Additional statistics and other information

Quarterly data for states have been included in this release in table 3. For additional information about quarterly employment and wages data, please read the Technical Note or visit the QCEW Web site at https://www.bls.gov/cew/.

Employment and Wages Annual Averages Online features comprehensive information by detailed industry on establishments, employment, and wages for the nation and all states. The 2015 edition of this publication contains selected data produced by Business Employment Dynamics (BED) on job gains and losses, as well as selected data from the first quarter 2016 version of the national news release. Tables and additional content from Employment and Wages Annual Averages 2015 are now available online at www.bls.gov/cew/cewbultn15.htm

The County Employment and Wages release for third quarter 2016 is scheduled to be released on Tuesday, March 7, 2017.


Technical Note

Average weekly wage data by county are compiled under the Quarterly Census of Employment and Wages (QCEW) program, also known as the ES-202 program. The data are derived from summaries of employment and total pay of workers covered by state and federal unemployment insurance (UI) legislation and provided by State Workforce Agencies (SWAs). The 9.7 million employer reports cover 142.7 million full- and part-time workers. The average weekly wage values are calculated by dividing quarterly total wages by the average of the three monthly employment levels of those covered by UI programs. The result is then divided by 13, the number of weeks in a quarter. It is to be noted, therefore, that over-the-year wage changes for geographic areas may reflect shifts in the composition of employment by industry, occupation, and such other factors as hours of work. Thus, wages may vary among counties, metropolitan areas, or states for reasons other than changes in the average wage level. Data for all states, Metropolitan Statistical Areas (MSAs), counties, and the nation are available on the BLS Web site at www.bls.gov/cew/; however, data in QCEW press releases have been revised and may not match the data contained on the Bureau’s Web site.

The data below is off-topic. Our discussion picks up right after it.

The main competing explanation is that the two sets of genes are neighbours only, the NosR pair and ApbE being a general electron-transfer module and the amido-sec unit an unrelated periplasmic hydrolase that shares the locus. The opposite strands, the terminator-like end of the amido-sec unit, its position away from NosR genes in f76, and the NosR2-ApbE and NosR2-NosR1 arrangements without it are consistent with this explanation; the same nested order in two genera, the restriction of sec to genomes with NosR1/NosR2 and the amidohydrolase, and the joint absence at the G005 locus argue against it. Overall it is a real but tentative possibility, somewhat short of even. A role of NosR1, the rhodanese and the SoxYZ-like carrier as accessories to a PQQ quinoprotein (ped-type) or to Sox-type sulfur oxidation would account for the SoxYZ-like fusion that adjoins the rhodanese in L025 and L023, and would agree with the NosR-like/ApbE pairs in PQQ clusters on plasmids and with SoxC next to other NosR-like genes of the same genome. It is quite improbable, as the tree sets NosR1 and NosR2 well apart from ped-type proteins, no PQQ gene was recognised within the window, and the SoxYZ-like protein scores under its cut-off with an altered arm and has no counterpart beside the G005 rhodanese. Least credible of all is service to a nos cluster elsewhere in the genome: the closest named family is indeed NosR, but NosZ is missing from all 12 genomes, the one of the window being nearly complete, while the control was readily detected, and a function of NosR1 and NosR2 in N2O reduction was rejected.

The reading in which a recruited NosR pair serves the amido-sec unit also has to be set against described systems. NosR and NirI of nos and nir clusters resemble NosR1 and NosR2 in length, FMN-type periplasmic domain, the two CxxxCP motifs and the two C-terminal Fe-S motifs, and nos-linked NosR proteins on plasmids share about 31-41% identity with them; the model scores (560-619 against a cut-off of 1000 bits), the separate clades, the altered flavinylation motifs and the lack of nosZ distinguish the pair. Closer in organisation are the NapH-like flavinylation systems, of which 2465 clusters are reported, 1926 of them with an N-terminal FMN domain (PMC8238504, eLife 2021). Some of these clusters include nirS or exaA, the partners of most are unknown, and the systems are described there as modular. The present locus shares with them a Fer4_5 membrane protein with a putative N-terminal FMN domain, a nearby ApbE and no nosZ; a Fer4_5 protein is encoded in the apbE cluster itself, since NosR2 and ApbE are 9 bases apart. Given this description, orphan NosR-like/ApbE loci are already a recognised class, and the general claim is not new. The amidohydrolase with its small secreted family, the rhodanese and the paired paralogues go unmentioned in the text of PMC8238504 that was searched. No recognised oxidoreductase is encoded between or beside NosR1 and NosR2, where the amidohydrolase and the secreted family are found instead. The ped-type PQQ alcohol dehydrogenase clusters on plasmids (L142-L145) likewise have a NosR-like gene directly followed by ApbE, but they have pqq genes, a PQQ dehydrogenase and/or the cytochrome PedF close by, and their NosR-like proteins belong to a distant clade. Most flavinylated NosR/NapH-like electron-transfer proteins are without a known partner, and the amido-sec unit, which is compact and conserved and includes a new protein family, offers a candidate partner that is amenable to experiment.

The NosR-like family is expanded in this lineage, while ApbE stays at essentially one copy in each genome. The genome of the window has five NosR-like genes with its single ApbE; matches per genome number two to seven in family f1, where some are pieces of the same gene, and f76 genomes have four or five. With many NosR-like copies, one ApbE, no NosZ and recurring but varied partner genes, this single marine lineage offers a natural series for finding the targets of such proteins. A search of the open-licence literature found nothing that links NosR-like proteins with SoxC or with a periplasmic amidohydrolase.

QCEW data are not designed as a time series. QCEW data are simply the sums of individual establishment records reflecting the number of establishments that exist in a county or industry at a point in time. Establishments can move in or out of a county or industry for a number of reasons—some reflecting economic events, others reflecting administrative changes.

The preliminary QCEW data presented in this release may differ from data released by the individual states as well as from the data presented on the BLS Web site. These potential differences result from the states’ continuing receipt, review and editing of UI data over time. On the other hand, differences between data in this release and the data found on the BLS Web site are the result of adjustments made to improve over-the-year comparisons. Specifically, these adjustments account for administrative (noneconomic) changes such as a correction to a previously reported location or industry classification. Adjusting for these administrative changes allows users to more accurately assess changes of an economic nature (such as a firm moving from one county to another or changing its primary economic activity) over a 12-month period. Currently, adjusted data are available only from BLS press releases. 

Information in this release will be made available to sensory impaired individuals upon request. Voice phone: 202-691-5200, Federal Relay Service: 800-877-8339.

Table 1. Covered employment and wages in the United States and the 6 largest counties in Alabama, second quarter 2016
Area Employment Average weekly wage (1)
June 2016 (thousands) Percent change, June 2015-16 (2) National ranking by percent change (3) Average weekly wage National ranking by level (3) Percent change, second quarter 2015-16 (2) National ranking by percent change (3)

United States (4)

142,717.2 1.5 -- $989 -- 2.2 --

Alabama

1,923.5 1.2 -- 835 37 2.0 29

Jefferson, Ala.

341.2 0.6 257 967 122 2.3 172

Madison, Ala.

191.7 2.7 76 1,050 70 -0.2 311

Mobile, Ala.

170.3 1.4 179 844 239 2.2 181

Montgomery, Ala.

132.0 1.7 148 834 250 1.5 241

Shelby, Ala.

84.5 0.6 257 922 161 2.8 107

Tuscaloosa, Ala.

91.2 -0.2 303 811 276 0.1 304

Footnotes:
(1) Average weekly wages were calculated using unrounded data.
(2) Percent changes were computed from quarterly employment and pay data adjusted for noneconomic county reclassifications.
(3) Ranking does not include data for Puerto Rico or the Virgin Islands.
(4) Totals for the United States do not include data for Puerto Rico or the Virgin Islands.